The Windows Seat – Day 1: Shutdown

Windows Server 2008 has something that’s pretty neat and it deals with an area that I’ve never before thought about. Shutdown.

When running as the Administrator account, every time you hit “Restart” or “Shutdown” manually, a box pops up for you to enter the reason why the system is shutting down.

When you reboot due to upgrades, you’re not prompted. I assume that it’s possible to go back and look at the logs later but I’ve not confirmed this. There’s an overwhelming amount of data in the Windows Server logging and information center and I didn’t want to dig too deeply.

For a workstation or server, this is a neat feature. It would help me get a better overview of exactly what it is that brings my systems down. As a server administrator, uptime is important to me and my home desktops are run in a manner similar.

For the “average user” I can imagine this kind of prompt would quickly get annoying but I’d LOVE it and I know this is one feature that I’ve not seen in any desktop environment in Linux so far.

On the flip-side, I’ve got a complaint about Windows shutdowns too. They don’t happen if you’re restarting runaway processes. In specific, I was running VirtualBox (I’m noticing a theme… VirtualBox + Windows = Error) when starting a quickly after a shutdown and the VM froze. I then used the task manager to kill both VirtualBox and the VM process and it vanished like normal. Yet when I went to move or delete an ISO file that was mounted as a virtual CD drive within the VM, I got an “This file is in use” error. I then tried to do a shutdown (As Administrator – regular users can’t do this by default. Awesome!) and it actually hung on “Shutting down services”. After 3 minutes of seeing the blue-green screen, I physically reset the box.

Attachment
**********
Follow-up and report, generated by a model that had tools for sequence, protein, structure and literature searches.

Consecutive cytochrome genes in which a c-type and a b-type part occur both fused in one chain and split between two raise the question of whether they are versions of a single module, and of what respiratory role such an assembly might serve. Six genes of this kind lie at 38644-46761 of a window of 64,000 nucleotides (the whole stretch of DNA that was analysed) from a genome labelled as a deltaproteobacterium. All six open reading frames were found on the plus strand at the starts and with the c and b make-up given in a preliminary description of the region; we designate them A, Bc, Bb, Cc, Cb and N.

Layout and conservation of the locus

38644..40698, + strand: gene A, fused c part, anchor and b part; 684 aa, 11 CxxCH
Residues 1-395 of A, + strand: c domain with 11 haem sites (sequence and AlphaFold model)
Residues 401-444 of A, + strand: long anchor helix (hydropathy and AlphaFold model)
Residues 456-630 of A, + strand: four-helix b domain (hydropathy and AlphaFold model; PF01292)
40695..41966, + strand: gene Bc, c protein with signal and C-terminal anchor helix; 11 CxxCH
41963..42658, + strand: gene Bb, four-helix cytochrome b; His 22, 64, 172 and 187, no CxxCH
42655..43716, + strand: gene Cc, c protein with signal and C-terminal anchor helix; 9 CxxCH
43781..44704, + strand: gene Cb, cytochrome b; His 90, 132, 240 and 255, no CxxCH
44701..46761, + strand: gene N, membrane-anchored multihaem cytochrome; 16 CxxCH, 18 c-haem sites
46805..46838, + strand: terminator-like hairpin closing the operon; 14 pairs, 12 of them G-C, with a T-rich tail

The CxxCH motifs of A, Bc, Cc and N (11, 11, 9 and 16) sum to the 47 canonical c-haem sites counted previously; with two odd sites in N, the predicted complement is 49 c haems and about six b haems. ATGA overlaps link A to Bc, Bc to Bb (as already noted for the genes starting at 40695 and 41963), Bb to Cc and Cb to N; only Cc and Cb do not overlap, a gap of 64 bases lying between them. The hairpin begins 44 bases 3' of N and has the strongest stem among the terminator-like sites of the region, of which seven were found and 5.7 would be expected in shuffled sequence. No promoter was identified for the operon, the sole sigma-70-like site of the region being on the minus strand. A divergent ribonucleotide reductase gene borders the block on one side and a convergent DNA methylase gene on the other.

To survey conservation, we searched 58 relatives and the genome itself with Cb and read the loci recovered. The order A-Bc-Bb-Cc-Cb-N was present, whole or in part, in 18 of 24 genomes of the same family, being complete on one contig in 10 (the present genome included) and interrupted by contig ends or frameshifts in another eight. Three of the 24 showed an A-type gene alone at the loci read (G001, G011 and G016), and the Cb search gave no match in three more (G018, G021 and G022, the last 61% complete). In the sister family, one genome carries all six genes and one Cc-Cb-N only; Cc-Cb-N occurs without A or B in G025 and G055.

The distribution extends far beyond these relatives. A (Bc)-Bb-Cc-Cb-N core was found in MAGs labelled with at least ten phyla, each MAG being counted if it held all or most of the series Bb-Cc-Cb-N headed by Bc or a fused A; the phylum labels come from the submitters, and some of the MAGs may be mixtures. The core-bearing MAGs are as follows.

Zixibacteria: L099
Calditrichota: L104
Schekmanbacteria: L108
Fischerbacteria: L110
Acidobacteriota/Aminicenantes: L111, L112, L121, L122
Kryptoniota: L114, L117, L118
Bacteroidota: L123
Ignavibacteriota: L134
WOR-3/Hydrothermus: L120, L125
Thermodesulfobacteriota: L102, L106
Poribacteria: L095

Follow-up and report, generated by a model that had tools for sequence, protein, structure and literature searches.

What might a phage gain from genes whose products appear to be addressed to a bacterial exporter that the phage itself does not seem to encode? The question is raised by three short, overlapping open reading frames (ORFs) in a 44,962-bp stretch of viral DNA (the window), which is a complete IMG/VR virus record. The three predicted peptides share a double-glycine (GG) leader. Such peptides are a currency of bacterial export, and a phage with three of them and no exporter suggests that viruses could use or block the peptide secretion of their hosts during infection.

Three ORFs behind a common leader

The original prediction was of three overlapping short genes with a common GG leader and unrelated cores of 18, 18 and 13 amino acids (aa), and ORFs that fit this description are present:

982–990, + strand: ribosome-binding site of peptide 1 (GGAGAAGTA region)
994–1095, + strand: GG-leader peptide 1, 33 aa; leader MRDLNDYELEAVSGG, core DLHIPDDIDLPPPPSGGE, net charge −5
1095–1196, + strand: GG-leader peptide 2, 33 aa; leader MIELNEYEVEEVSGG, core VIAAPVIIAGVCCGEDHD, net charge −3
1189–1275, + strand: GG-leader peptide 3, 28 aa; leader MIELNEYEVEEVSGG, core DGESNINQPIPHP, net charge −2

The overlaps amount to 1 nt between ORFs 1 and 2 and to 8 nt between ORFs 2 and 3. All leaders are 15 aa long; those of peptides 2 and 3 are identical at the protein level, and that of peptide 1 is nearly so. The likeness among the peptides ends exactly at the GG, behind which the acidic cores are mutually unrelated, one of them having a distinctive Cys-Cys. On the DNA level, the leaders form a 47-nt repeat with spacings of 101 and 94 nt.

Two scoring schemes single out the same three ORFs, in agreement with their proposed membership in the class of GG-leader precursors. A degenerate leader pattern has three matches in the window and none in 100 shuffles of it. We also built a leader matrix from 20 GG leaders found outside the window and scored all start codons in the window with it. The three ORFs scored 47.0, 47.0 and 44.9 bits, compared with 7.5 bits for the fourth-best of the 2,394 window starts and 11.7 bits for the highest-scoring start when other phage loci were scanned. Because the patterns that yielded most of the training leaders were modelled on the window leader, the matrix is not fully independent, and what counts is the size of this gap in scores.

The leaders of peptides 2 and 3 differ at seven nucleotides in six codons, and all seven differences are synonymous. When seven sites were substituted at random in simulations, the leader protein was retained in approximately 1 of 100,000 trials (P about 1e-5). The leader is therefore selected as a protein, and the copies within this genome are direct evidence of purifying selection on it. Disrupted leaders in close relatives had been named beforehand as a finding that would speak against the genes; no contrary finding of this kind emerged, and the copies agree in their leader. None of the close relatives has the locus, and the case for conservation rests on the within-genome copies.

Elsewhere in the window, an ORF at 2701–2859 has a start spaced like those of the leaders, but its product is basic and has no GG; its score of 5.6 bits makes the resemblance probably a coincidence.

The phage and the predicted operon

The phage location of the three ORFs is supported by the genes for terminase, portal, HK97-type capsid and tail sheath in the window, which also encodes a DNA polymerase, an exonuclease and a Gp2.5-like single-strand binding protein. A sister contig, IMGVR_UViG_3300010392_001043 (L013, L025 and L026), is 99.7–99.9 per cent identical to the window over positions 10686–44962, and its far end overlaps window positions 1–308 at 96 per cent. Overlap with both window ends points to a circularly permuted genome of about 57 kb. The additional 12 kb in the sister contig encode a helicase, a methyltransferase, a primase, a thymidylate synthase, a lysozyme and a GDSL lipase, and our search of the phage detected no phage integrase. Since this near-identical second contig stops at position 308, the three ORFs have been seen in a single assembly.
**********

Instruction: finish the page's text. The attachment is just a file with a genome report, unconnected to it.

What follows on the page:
I suppose it might be theoretically possible for Linux to be affected by the same thing, but I’ve never seen it. I was cringing to think how I’d feel if the runaway service has been my HTTP server and my remote server decided to lock up between “Break the internet connection” and “stop and restart power”.

I’m going to call this one a strong win for Linux, this hits to the very stability of the system. I would, however, love to have the interactive shutdown log on Linux. I’ll do some searching for something like it but as always, suggestions are always welcomed.

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